Toyota Recalls 3.37 Million Cars Over Airbag, Emissions Control Issues
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Toyota Motor Corp. has recalled 3.37 million cars worldwide over possible defects involving airbags and emissions control units.
The automaker on Wednesday said it was recalling 2.87 million cars over a possible fault in emissions control units. That followed an announcement late on Tuesday that 1.43 million cars needed repairs over a separate issue involving air bag inflators.
Some of the automaker's gasoline-electric hybrid Prius models contain both of the potential defects, taking the total number of vehicles affected by the recalls to 3.37 million.
No injuries have been linked to either issue.
Toyota on Wednesday said evaporative fuel emissions control units in models produced from 2006 to 2015 including the Prius, Auris compact hatchback and its popular Corolla models were prone to cracks, which could expand over time and lead to fuel leaks.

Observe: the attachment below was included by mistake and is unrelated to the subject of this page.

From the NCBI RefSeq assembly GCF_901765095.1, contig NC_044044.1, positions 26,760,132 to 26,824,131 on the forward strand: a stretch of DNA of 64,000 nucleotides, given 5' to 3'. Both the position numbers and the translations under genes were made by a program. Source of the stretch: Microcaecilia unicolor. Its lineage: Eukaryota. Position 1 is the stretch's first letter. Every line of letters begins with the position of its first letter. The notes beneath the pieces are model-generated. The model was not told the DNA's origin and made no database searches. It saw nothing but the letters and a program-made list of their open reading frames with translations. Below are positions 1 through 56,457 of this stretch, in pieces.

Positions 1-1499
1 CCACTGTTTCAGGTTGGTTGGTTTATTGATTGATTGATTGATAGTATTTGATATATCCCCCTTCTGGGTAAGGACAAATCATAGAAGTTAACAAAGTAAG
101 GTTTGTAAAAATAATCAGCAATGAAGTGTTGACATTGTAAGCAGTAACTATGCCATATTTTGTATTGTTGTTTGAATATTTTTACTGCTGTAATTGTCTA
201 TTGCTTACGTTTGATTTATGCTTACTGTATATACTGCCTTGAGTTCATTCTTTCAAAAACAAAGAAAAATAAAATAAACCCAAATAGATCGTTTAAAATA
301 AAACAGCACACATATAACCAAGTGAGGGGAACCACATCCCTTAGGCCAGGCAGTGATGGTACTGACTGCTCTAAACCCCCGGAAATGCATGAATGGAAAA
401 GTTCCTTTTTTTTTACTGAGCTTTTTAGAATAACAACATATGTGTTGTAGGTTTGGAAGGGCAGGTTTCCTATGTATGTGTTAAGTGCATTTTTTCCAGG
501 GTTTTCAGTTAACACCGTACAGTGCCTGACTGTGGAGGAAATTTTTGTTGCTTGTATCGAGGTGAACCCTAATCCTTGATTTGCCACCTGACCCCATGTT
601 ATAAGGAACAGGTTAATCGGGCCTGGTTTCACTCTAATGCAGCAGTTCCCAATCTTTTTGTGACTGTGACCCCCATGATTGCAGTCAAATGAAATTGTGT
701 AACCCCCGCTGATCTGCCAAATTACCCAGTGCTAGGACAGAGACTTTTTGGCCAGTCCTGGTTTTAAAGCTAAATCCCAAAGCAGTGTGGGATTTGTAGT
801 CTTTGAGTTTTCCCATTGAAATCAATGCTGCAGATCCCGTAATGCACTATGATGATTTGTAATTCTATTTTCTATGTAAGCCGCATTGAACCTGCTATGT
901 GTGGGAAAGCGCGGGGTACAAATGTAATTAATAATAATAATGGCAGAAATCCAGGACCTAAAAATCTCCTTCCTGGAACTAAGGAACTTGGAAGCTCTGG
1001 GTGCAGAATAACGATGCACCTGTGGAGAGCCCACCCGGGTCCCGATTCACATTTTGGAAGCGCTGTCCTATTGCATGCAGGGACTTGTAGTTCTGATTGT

Late on Tuesday it recalled Prius models and Lexus CT200h cars made from 2010 to 2012 over air bag inflators that could have a small crack in a weld, which could lead to the separation of the inflator chambers.
The inflator could partially inflate and enter the vehicle interior, increasing the risk of injury, Toyota said.
Sweden-based auto safety gear maker Autoliv Inc. confirmed on Wednesday that it supplied the airbag inflators involved in the recall.
The company said it was aware of seven incidents where a side curtain airbag has partially inflated in parked Toyota Prius cars, but no injuries were reported.
Autoliv has benefited from an early recall involving faulty airbag inflators made by Japan's Takata.
The company said in a regulatory filing in April that it was investigating six incidents related to its airbags and a possible recall could cost it between $10 million to $40 million, net of expected insurance recoveries.
Autoliv said on Wednesday it expected the cost of recall to be at the lower end of the range.
The company's U.S.-listed shares were down 4.7 percent at $105 in premarket trading. The stock fell as much as 16 pct to 765 Swedish kronas on the Stockholm Stock Exchange, their lowest since December 2014.
Toyota Motor's U.S. listed shares were down 1.2 percent at $98.69 in premarket trading.
(Reporting by Naomi Tajitsu in Tokyo and David Shepardson in Washington, additional reporting by Ankit Ajmera in Bengaluru; Editing by Sandra Maler and Don Sebastian)